Thursday, August 9, 2007
Today, the Northern Hemisphere sea ice area broke the record for the lowest recorded ice area in recorded history. The new record came a full month before the historic summer minimum typically occurs. There is still a month or more of melt likely this year. It is therefore almost certain that the previous 2005 record will be annihilated by the final 2007 annual minima closer to the end of this summer.
In previous record sea ice minima years, ice area anomalies were confined to certain sectors (N. Atlantic, Beaufort/Bering Sea, etc). The character of 2007’s sea ice melt is unique in that it is dramatic and covers the entire Arctic sector. Atlantic, Pacific and even the central Arctic sectors are showing large negative sea ice area anomalies.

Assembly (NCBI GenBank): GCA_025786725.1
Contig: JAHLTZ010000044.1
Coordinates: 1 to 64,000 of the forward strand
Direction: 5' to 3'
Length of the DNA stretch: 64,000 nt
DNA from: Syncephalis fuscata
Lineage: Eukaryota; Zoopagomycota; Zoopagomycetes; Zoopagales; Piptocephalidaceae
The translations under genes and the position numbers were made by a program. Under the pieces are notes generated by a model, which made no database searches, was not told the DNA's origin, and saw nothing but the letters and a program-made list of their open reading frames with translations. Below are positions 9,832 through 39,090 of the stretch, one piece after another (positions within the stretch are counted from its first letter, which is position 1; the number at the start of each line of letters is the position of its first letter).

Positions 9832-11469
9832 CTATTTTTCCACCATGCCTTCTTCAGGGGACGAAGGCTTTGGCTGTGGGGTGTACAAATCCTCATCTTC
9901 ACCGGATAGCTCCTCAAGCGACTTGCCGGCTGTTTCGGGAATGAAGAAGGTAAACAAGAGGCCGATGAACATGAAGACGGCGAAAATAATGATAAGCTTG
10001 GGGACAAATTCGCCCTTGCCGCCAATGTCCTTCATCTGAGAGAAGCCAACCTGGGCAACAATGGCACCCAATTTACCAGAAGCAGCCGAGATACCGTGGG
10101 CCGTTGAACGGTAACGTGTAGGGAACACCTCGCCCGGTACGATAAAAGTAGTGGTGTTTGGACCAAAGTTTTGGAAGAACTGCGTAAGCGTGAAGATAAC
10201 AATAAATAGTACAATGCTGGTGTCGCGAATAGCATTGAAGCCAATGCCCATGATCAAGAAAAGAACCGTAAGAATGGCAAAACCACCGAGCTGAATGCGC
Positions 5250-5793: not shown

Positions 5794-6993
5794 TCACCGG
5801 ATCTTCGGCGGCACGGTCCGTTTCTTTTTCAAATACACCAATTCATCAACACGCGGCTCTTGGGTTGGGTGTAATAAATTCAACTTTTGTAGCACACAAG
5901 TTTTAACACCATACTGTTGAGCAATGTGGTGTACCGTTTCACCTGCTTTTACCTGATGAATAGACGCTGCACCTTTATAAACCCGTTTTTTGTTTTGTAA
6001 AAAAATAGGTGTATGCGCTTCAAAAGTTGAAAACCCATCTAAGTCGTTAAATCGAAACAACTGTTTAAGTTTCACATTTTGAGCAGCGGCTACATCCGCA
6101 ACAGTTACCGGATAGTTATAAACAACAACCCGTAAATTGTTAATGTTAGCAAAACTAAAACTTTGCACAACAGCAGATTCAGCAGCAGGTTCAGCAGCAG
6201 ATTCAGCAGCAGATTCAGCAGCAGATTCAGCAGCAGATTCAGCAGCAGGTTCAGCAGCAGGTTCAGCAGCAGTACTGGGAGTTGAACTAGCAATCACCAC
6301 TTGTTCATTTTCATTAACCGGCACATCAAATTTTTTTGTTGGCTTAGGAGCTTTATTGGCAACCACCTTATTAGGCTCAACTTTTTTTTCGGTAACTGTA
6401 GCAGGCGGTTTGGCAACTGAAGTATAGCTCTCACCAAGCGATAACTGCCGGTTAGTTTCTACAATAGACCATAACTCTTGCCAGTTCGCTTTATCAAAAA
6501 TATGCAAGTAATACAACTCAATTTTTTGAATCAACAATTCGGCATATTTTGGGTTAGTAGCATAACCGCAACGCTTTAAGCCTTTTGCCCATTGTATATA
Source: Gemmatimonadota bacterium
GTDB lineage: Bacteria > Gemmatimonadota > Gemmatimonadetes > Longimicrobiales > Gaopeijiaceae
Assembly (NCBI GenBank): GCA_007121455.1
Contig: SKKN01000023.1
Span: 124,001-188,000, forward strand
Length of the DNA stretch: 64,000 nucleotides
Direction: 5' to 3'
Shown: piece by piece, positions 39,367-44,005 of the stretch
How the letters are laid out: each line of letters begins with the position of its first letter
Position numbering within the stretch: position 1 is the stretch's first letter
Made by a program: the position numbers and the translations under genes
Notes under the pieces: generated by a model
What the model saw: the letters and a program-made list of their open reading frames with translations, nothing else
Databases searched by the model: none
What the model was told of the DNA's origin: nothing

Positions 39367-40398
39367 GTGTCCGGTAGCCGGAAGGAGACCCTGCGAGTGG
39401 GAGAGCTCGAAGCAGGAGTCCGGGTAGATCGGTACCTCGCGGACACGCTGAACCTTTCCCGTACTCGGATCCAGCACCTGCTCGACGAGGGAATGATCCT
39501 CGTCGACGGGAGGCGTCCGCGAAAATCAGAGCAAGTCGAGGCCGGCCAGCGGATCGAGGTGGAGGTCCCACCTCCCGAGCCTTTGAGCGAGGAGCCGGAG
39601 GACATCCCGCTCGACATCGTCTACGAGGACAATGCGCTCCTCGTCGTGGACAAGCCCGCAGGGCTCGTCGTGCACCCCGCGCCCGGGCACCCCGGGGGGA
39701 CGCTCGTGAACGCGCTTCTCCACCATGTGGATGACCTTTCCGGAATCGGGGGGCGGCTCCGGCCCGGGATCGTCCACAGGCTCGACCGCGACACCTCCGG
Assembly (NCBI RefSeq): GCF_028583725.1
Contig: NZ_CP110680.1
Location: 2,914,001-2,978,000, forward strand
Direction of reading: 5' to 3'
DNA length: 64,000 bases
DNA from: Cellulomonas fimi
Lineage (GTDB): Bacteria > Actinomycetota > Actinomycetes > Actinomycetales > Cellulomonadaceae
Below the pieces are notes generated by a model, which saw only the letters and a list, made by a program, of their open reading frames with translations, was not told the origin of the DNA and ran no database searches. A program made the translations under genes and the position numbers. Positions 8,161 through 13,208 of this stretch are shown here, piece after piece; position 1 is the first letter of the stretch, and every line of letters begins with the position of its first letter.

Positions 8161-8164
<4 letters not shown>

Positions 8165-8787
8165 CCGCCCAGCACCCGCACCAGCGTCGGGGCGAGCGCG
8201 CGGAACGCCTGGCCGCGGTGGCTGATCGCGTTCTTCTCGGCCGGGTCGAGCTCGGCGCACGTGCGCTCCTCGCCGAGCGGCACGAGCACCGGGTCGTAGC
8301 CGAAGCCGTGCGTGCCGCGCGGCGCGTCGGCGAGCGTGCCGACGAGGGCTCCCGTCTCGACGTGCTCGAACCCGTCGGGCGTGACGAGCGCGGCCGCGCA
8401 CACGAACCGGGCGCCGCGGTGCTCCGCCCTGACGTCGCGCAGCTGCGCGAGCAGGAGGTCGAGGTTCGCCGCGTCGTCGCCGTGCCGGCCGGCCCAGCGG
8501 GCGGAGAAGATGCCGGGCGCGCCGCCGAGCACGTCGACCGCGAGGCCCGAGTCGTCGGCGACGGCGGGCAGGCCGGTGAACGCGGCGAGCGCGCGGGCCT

While we use sea ice concentration data supplied by NASA via the National Snow and Ice Data Center (NSIDC), there are some differencesbetween the way we and NSIDC process our sea ice indices. NSIDC uses 10-day running means; we use 3-day running means. NSIDC will often report sea ice extent indices and records, we are reporting a new sea ice minima sea ice area. The ice area metric includes year-to-year variations within the central pack ice and not just variations in the southern sea ice edge. Regardless of these differences, the rapid rate of sea ice melt this summer, along with the current negative sea ice anomalies almost guarantees a record Northern Hemisphere summer sea ice minimum this summer, by any metric.
Follow this link for some background information on historic sea ice minima.